in the Court of Appeals 7 March 2017.
by plaintiff from order entered 11 May 2016 by Judge L. Todd
Burke in Forsyth County Superior Court No. 15 CVS 5646.
Law Offices of J. Scott Smith, PLLC, by J. Scott Smith and
Andrew Newman, for plaintiff-appellant.
Spry Davis Leggett & Crumpler, P.A., by Kim R. Bonuomo,
Joslin Davis, and Bennett D. Rainey, for defendant-appellee.
case concerns two common law causes of action-alienation of
affection and criminal conversation-that permit litigants to
sue the lovers of their unfaithful spouses. These laws were
born out of misogyny and in modern times are often used as
tools for enterprising divorce lawyers seeking leverage over
the other side.
Derek Williams contends that these aging common law torts are
facially unconstitutional because they violate
individuals' First and Fourteenth Amendment rights to
engage in intimate sexual activity, speech, and expression
with other consenting adults.
explained below, we reject this facial constitutional
challenge. Claims for alienation of affection and criminal
conversation are designed to prevent and remedy personal
injury, and to protect the promise of monogamy that
accompanies most marriage commitments. This sets these common
law claims apart from the discriminatory sodomy law at issue
in Lawrence v. Texas, 539 U.S. 558 (2003), which was
not supported by any legitimate state interest and instead
stemmed from moral disapproval and bigotry. Similarly, these
laws (in most applications) seek to prevent personal and
societal harms without regard to the content of the intimate
expression that occurs in the extra-marital relationship.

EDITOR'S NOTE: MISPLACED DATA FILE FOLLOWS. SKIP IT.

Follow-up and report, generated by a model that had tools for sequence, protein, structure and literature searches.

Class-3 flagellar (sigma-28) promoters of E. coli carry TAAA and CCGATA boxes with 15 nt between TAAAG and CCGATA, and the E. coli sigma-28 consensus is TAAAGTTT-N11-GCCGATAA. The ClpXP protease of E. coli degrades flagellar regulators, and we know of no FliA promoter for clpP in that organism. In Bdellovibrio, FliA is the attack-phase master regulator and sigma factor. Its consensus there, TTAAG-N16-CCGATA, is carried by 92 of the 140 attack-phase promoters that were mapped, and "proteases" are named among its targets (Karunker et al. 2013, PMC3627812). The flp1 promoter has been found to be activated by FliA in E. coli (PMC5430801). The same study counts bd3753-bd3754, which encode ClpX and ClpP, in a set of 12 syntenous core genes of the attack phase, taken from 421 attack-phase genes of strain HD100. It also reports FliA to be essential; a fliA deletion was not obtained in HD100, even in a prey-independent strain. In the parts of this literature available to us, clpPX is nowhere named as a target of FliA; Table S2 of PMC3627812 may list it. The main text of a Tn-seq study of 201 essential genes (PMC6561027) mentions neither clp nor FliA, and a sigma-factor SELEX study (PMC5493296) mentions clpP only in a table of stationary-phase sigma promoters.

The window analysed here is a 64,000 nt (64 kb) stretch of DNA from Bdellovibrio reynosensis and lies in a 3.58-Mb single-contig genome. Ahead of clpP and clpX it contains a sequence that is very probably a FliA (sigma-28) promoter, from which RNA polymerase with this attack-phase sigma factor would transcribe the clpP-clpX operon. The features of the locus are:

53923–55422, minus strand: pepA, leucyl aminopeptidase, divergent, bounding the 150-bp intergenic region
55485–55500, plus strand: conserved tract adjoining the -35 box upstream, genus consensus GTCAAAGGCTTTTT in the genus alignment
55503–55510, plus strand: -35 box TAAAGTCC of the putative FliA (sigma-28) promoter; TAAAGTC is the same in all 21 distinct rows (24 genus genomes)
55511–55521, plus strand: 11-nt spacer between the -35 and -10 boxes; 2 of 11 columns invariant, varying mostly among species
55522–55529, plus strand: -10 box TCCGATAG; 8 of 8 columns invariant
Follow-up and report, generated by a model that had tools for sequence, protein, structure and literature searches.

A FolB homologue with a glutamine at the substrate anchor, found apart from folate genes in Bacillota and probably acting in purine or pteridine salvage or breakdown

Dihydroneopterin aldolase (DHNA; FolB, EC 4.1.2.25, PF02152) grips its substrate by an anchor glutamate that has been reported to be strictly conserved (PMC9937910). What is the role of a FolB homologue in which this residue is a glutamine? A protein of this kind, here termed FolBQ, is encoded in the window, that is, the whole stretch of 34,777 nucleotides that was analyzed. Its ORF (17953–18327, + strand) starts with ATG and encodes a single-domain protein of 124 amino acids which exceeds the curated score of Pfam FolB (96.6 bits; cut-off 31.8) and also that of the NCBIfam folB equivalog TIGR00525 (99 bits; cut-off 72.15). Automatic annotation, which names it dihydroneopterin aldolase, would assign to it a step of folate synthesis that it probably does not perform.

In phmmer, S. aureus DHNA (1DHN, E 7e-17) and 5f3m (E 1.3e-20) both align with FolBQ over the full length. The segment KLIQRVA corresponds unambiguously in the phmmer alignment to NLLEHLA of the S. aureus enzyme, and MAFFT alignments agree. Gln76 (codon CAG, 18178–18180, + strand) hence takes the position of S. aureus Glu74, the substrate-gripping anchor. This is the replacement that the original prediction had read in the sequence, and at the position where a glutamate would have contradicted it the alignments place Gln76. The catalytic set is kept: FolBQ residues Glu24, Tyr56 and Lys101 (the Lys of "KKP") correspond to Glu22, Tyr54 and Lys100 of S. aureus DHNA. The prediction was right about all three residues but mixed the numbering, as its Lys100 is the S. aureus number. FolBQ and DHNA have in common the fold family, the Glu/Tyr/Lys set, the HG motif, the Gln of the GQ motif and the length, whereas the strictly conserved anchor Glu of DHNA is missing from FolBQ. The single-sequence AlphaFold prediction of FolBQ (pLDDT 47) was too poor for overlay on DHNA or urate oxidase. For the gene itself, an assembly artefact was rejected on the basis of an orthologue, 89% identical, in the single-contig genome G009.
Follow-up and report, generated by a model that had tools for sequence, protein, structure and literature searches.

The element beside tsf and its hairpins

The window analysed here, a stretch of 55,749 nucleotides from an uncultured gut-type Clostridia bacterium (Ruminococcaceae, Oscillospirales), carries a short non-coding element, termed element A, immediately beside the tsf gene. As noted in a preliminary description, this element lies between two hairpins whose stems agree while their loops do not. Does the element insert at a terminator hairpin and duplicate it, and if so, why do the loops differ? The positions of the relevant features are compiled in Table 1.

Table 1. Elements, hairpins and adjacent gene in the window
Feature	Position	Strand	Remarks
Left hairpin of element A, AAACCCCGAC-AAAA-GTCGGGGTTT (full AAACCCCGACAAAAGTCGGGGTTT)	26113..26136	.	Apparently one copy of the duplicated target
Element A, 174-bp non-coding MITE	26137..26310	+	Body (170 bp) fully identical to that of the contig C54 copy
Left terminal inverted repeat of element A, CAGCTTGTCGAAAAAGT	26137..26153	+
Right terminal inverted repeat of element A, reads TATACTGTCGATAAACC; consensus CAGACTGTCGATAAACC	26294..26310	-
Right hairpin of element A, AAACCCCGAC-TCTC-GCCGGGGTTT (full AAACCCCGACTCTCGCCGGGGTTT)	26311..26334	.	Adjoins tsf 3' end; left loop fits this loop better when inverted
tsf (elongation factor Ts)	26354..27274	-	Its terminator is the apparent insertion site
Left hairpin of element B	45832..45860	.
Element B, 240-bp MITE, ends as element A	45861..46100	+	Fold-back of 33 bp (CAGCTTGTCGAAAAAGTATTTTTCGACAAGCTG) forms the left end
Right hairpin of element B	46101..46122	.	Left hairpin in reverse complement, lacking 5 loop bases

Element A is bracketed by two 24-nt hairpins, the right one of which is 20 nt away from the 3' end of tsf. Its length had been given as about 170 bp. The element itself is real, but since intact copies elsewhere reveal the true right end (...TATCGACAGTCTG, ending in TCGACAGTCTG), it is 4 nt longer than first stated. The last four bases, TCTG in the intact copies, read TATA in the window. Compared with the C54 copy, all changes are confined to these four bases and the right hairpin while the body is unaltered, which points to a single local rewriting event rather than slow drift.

Thus, under United States v. O'Brien, 391 U.S.
367 (1968), these torts are constitutional despite the
possibility that their use burdens forms of protected speech
holding is neither an endorsement nor a critique of these
"heart balm" torts. Whether this Court believes
these torts are good or bad policy is irrelevant; we cannot
hold a law facially unconstitutional because it is bad
policy. We instead ask whether there are any applications of
these laws that survive scrutiny under the appropriate
constitutional standards. As explained below, although there
are situations in which these torts likely are
unconstitutional as applied, there are also many applications
that survive constitutional scrutiny. Thus, the common law
torts of alienation of affection and criminal conversation
are not facially unconstitutional. We reverse the trial
court's order and remand for further proceedings.
and Procedural History
and Amber Malecek were a married couple. Ms. Malecek is a
nurse. Defendant Derek Williams is a medical doctor at the
hospital where Ms. Malecek works. In early 2015, Dr. Williams
and Ms. Malecek began a sexual relationship.
Malecek discovered the affair and sued Dr. Williams for
alienation of affection and criminal conversation. Dr.
Williams moved to dismiss Mr. Malecek's claims under Rule
12(b)(6) of the Rules of Civil Procedure on the ground that
North Carolina's common law causes of action for
alienation of affection and criminal conversation are
trial court held a hearing on Dr. Williams's motion,
accepted his constitutional arguments, and entered a written
order granting his motion to dismiss. Mr. Malecek timely
Court reviews the grant of a Rule 12(b)(6) motion to dismiss
de novo. State v. Berger, 368 N.C. 633,
639, 781 S.E.2d 248, 252 (2016). A Rule 12(b)(6) motion
"is properly granted where a valid legal defense stands
as an insurmountable bar to a plaintiff's recovery."
Lupton v. Blue Cross & Blue Shield of N.C. , 139
N.C.App. 421, 424, 533 S.E.2d 270, 272 (2000). Because the
courts cannot permit a plaintiff to pursue a cause of action
that is unconstitutional on its ...